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As well as support for elite disability sports, the government is improving the everyday lives of disabled people with our National Disability Strategy.
For all of the incredible athletes proudly flying their country’s flag at the opening ceremony for the Tokyo Paralympic Games, it marks the culmination of many years of gruelling training and determination.
I feel privileged to be able to see first-hand that conviction and commitment come together in an awesome display of world-class competition, whether on the pitch, the court, the track or in the pool.
This year’s Paralympics, like the Olympics, is unique. While the usual crowds of cheering fans will not be in the stands, this extraordinary event of sporting excellence is still being televised to a huge global audience – and will have a massive impact on the millions of people watching.
Yet again, we will be in awe. It will also help to break down perceptions and misconceptions about disability, something I remember was so powerful about the 2012 Paralympics in London.
The Great Britain and Northern Ireland team in Tokyo represents the best of the UK in all its diversity
Like in 2012, Brits will be tuning in and getting hooked on the action. After all, the Paralympics not only holds a special place in our hearts, but also our history.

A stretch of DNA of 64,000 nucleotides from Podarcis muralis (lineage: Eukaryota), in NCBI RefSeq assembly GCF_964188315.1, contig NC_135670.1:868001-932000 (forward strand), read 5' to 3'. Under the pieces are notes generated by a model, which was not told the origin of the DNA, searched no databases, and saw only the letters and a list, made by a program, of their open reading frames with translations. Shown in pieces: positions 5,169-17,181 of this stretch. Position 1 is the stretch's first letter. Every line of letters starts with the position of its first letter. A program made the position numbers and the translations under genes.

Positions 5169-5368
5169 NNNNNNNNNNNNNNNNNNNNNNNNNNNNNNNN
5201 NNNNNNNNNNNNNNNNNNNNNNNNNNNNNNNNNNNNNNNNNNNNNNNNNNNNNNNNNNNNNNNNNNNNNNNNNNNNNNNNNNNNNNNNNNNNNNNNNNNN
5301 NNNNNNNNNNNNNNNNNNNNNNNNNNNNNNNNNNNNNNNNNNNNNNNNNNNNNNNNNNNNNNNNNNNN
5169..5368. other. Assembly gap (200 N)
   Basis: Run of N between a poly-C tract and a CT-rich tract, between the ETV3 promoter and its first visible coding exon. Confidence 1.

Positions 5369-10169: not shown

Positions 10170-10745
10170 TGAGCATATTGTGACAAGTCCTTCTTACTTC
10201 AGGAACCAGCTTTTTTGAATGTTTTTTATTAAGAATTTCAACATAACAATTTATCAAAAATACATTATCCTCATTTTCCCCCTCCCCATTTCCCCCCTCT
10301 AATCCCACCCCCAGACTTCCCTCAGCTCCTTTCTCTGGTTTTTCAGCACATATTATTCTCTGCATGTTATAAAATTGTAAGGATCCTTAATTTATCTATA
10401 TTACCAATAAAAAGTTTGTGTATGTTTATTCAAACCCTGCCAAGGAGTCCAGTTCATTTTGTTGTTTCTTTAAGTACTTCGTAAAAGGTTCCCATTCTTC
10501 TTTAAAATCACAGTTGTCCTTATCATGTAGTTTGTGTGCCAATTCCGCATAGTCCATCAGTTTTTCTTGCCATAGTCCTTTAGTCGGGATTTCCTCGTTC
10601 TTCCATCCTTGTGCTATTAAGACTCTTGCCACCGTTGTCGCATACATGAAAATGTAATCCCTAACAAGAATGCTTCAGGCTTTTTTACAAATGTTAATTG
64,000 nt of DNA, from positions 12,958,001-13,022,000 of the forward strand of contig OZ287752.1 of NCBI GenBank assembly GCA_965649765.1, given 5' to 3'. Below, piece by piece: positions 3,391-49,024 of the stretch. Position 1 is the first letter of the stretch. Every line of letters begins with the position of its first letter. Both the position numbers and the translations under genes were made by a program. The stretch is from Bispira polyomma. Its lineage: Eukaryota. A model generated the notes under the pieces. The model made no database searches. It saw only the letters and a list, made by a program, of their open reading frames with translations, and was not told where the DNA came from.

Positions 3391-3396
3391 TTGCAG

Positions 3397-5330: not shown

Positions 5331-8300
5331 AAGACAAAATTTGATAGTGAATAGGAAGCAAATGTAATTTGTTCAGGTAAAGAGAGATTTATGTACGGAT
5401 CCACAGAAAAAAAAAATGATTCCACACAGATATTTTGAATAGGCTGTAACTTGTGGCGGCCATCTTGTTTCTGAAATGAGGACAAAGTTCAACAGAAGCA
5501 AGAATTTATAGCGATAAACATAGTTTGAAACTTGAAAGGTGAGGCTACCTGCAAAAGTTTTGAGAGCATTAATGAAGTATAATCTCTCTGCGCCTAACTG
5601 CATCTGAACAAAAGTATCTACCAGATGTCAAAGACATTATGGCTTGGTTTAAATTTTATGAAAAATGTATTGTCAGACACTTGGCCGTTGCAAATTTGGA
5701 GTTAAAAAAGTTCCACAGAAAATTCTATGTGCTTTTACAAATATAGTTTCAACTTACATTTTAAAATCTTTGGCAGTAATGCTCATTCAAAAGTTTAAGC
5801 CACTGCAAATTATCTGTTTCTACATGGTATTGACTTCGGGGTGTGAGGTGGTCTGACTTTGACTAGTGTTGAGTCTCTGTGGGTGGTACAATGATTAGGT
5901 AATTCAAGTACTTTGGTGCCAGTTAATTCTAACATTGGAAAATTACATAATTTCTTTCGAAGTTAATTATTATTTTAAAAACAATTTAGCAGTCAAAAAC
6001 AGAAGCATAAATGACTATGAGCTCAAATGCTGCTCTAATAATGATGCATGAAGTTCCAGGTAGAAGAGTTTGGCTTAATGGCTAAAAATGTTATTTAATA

It was in Stoke Mandeville, Buckinghamshire, that the Paralympic movement was born when a small group of World War II veterans gathered to compete to coincide with the start of the 1948 London Olympics. I was honoured to be part of the flame lighting ceremony for the Tokyo Paralympics at Stoke Mandeville last week.
And like those veterans from over 70 years ago, the Great Britain and Northern Ireland team in Tokyo represents the best of the UK in all its diversity. I have no doubt our athletes will deliver extraordinary moments and inspire millions to get active.
This Government is right behind them as a champion of disability sport at the highest levels, but also by putting in the investment, with the Olympic and Paralympic Sports receiving an additional £77.4 million per year for the Paris Games in 2024.
In November, we will host the Rugby League Wheelchair World Cup and with the Commonwealth Games coming to Birmingham in 2022, we will host the largest fully integrated para-sport programme for any Commonwealth Games ever.
As well as support for elite sports, we are also improving the everyday lives of disabled people. Our National Disability Strategy, published last month, is the first truly cross-government effort to transform disabled people’s daily lives. It sets out, not just a practical plan for action now, but a positive vision for long-term change.
With over 100 immediate commitments, our Strategy provides concrete actions to improve access to jobs, housing, transport, education, shopping, culture, justice, as well as public services.
This includes investing £300 million to improve disability provision in schools and make accessibility adaptations for children and young people with additional needs, ensuring everyone has the same opportunities to succeed and fulfil their potential.
Anything really is possible as our Paralympic athletes will show. They are true role models for many children and young people, giving a vision of what is possible, achieving what many thought could be impossible.
Good luck Team GB!
Thérèse Coffey is the Conservative MP for Suffolk Coastal and Secretary of State for Work and Pensions.
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